(i) That five or more persons had assembled; (ii) for the purpose of committing dacoity and (iii) that the accused was one of the persons who had so assembled. All these elements have to be proved before a person can be convicted under Section 412. In Chaturi Yadav v. State of Bihar [AIR 1979 SC 1412], the accused had assembled at a lonely spot in the school premises when they were detected by the patrol squad. One of the accused was found to be in possession of a gun and a live cartridge, and others had merely one live cartridge in their pockets. There was absolutely no evidence to establish that the accused had assembled there for the purpose of committing dacoity. In the absence of such evidence, it was held that since one of the ingredients of the offence had not been established by the prosecution, no offence under Section 402 was made out. In R v.
Bohlu [(1900) 23 All 124], several persons were found at eleven O’clock at night on a road just outside the city of Agra, all carrying arms (guns and swords) concealed under their clothes. None of them had a licence to carry arms, and none of them could give any reasonable explanation of his presence at the spot under the particular circumstances. All that period the district of Agra was notorious as the scene of frequent and recent dacoits. It was held that they were guilty under Section 402. The offence under Section 402 is cognizable and warrant should, ordinarily, issue in the first instance. It is both non-bailable and non-compoundable, and is exclusively triable by the Court of Session. Section 399 differs from Section 402 of the Code. Section 402 applies to mere assembling without proof of other preparation.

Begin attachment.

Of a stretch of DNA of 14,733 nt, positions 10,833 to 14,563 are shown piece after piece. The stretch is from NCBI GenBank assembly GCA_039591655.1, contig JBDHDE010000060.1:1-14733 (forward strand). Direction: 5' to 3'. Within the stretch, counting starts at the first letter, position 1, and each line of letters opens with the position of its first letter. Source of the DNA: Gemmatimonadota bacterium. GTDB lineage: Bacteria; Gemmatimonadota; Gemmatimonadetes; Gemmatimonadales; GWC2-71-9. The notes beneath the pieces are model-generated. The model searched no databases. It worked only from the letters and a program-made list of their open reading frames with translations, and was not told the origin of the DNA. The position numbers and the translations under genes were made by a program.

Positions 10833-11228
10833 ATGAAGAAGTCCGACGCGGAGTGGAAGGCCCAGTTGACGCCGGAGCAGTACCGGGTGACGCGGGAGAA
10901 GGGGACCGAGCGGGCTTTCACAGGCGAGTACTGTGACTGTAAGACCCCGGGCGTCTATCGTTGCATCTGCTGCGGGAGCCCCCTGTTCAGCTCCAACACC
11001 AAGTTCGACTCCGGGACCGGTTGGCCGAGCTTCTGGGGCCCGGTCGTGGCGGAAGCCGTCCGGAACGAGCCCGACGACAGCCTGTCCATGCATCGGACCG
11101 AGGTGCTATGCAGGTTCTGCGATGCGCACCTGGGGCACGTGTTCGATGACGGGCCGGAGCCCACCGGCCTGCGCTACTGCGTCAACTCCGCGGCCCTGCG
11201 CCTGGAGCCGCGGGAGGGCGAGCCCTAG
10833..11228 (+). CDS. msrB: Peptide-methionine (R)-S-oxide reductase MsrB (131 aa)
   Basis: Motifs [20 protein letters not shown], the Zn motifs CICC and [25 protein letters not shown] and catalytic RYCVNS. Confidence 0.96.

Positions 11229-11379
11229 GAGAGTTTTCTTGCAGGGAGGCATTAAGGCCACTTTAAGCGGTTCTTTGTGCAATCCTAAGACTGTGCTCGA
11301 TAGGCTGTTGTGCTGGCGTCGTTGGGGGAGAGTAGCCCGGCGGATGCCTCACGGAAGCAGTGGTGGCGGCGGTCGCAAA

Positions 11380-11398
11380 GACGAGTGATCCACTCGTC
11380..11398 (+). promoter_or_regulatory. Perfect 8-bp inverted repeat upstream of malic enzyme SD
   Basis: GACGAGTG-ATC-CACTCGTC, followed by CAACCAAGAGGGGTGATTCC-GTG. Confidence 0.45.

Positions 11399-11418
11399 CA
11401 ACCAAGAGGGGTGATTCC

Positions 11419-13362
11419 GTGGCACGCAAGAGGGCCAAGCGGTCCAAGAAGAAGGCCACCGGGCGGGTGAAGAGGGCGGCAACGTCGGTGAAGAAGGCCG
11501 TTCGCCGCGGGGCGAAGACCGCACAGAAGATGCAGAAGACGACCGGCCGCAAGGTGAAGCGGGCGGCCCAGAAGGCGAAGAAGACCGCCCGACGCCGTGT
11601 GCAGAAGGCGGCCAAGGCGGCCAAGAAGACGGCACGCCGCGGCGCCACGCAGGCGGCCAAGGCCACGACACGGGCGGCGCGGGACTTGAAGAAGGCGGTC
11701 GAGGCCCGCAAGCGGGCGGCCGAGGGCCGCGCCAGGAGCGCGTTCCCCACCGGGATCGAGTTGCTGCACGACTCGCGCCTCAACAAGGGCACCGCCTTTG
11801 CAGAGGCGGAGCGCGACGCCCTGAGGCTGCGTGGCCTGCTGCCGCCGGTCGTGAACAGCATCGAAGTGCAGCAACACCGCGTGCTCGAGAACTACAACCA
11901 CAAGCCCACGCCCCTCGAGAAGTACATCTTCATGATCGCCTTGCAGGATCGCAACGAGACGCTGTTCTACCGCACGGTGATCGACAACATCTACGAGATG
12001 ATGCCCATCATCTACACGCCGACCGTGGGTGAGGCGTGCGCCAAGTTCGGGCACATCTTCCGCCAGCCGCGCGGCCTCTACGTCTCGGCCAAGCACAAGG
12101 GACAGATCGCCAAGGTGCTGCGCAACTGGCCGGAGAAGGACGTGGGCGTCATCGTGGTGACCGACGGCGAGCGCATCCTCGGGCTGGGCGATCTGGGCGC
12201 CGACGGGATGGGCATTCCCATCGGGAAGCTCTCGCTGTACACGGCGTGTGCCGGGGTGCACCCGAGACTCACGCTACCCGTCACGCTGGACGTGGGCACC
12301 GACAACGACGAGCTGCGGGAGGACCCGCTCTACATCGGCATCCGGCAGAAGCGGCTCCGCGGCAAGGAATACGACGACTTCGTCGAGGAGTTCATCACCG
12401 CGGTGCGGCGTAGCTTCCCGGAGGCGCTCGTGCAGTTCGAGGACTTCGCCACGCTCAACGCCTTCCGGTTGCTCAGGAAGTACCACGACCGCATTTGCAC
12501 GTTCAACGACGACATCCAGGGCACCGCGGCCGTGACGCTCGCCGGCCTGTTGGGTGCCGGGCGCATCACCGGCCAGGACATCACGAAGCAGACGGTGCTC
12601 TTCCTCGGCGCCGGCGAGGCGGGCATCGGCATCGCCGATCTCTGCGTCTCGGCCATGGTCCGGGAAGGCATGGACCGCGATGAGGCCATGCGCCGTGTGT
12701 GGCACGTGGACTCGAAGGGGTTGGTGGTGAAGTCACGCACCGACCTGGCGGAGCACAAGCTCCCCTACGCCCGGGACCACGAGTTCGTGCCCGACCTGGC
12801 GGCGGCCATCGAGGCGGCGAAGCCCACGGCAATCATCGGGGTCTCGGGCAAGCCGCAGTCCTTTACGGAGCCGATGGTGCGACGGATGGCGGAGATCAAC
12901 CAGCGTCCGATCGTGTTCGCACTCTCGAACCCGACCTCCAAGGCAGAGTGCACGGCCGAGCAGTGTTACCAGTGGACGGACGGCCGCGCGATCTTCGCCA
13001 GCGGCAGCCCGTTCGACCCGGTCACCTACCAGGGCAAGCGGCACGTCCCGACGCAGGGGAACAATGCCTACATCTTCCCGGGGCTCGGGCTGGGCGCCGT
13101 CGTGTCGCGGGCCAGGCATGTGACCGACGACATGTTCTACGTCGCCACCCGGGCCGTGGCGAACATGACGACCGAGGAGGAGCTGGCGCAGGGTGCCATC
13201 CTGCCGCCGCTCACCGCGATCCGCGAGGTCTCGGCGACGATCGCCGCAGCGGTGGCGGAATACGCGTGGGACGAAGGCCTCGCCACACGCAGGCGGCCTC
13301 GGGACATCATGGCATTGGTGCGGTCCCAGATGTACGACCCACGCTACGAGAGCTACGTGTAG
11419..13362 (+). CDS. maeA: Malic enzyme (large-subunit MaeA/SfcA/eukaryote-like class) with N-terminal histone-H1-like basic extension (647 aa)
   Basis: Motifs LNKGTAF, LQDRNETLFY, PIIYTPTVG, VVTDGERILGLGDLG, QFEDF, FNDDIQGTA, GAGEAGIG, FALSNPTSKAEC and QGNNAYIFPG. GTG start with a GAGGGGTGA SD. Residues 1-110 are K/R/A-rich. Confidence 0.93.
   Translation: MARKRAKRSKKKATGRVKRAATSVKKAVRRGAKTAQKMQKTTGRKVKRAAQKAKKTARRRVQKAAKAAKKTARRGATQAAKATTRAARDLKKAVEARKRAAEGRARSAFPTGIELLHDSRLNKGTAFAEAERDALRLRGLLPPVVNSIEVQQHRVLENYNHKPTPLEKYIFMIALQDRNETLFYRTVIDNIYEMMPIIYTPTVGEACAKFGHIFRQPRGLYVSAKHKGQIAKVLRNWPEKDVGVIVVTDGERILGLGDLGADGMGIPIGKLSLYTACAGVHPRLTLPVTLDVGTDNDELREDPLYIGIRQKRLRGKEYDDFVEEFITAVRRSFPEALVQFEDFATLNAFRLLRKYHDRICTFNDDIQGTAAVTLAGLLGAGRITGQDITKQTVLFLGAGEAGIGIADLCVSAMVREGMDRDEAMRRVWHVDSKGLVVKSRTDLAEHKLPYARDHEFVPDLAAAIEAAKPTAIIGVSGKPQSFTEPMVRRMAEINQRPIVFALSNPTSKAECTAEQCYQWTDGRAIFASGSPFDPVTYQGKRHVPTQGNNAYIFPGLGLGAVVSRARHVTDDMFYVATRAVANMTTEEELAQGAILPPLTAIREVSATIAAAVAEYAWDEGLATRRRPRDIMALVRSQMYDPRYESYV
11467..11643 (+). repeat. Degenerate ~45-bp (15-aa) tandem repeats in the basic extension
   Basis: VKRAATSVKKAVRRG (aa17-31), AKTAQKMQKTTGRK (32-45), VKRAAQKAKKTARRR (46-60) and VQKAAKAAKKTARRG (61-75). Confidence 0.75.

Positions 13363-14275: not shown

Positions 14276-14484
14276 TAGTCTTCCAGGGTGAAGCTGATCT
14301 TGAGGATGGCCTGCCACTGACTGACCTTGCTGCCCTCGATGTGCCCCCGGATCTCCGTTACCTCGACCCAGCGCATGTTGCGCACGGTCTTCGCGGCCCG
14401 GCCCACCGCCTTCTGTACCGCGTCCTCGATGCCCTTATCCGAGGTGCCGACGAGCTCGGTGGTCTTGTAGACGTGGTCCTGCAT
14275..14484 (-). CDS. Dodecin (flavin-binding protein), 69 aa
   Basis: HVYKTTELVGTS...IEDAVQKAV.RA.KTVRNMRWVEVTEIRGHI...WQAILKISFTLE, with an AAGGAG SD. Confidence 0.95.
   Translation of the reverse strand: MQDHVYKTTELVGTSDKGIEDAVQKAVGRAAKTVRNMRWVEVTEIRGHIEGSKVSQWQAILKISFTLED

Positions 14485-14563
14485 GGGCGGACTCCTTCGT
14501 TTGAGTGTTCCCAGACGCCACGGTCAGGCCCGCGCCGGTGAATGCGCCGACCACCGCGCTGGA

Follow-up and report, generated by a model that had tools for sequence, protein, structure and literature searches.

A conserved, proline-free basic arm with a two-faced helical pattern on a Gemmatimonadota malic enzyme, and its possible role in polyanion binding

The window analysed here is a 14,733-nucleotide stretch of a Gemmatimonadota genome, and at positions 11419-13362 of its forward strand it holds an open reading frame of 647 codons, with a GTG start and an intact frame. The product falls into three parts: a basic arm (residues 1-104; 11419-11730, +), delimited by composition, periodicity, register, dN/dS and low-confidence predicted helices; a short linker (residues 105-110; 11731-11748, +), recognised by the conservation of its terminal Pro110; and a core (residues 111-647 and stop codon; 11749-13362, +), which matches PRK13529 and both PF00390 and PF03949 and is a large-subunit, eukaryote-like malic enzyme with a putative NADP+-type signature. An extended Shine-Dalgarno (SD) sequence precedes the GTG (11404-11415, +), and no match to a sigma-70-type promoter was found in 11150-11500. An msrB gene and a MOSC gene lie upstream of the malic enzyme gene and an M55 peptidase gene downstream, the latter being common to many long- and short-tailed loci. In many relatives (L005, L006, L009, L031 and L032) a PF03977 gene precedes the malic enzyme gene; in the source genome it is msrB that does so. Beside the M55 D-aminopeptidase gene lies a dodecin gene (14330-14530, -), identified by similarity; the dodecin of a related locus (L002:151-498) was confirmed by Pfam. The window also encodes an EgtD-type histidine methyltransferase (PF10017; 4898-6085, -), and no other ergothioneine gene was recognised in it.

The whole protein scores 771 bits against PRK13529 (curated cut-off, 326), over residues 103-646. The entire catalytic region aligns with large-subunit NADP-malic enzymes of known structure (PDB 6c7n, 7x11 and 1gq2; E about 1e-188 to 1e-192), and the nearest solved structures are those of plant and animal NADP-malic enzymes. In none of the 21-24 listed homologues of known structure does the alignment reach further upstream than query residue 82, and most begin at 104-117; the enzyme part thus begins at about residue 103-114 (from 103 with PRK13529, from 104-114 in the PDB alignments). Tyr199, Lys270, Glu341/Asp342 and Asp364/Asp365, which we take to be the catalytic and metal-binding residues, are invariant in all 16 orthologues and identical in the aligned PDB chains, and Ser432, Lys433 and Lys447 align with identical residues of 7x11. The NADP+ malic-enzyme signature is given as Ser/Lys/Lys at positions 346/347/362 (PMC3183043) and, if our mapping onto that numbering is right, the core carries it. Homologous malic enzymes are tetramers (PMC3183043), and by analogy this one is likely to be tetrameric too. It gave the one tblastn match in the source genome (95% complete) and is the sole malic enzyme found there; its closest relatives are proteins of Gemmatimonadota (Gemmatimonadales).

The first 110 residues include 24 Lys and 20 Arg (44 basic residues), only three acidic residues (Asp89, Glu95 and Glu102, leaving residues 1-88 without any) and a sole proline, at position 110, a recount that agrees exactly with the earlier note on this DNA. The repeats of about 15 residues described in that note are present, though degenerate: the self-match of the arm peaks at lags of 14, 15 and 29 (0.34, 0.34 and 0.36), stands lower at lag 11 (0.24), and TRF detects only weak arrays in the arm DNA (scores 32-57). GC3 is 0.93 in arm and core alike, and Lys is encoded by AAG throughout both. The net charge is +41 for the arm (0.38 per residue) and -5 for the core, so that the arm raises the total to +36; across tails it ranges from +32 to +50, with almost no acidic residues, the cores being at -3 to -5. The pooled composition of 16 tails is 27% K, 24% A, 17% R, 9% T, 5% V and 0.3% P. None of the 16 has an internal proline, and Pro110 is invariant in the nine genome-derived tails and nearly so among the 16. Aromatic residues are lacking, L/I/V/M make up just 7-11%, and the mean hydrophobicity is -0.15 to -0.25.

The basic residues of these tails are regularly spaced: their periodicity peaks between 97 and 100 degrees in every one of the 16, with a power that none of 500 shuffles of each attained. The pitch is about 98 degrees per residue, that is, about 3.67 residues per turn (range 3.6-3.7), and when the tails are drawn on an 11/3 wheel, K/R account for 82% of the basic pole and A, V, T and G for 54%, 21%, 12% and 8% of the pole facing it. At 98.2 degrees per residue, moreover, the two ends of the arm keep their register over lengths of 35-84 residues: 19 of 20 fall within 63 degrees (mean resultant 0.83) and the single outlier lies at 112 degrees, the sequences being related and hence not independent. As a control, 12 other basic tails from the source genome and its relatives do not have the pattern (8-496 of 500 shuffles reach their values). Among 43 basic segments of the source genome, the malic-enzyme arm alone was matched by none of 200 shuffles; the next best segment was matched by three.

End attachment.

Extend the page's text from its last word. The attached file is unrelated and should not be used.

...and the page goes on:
A person may not be guilty of dacoity yet guilty of preparation and not guilty of preparation yet guilty of assembling. The difference between Section 399 and 402 is that while under Section 402 mere assemblage without preparation is enough Section 399 requires some additional steps by way of preparation. There can be cases where there may be an assembly for the purpose of dacoity without even a fringe of preparation.
The mere fact that the appellants are acquitted of the charge under Section 399 is no ground to knock off the charge under Section 402 IPC.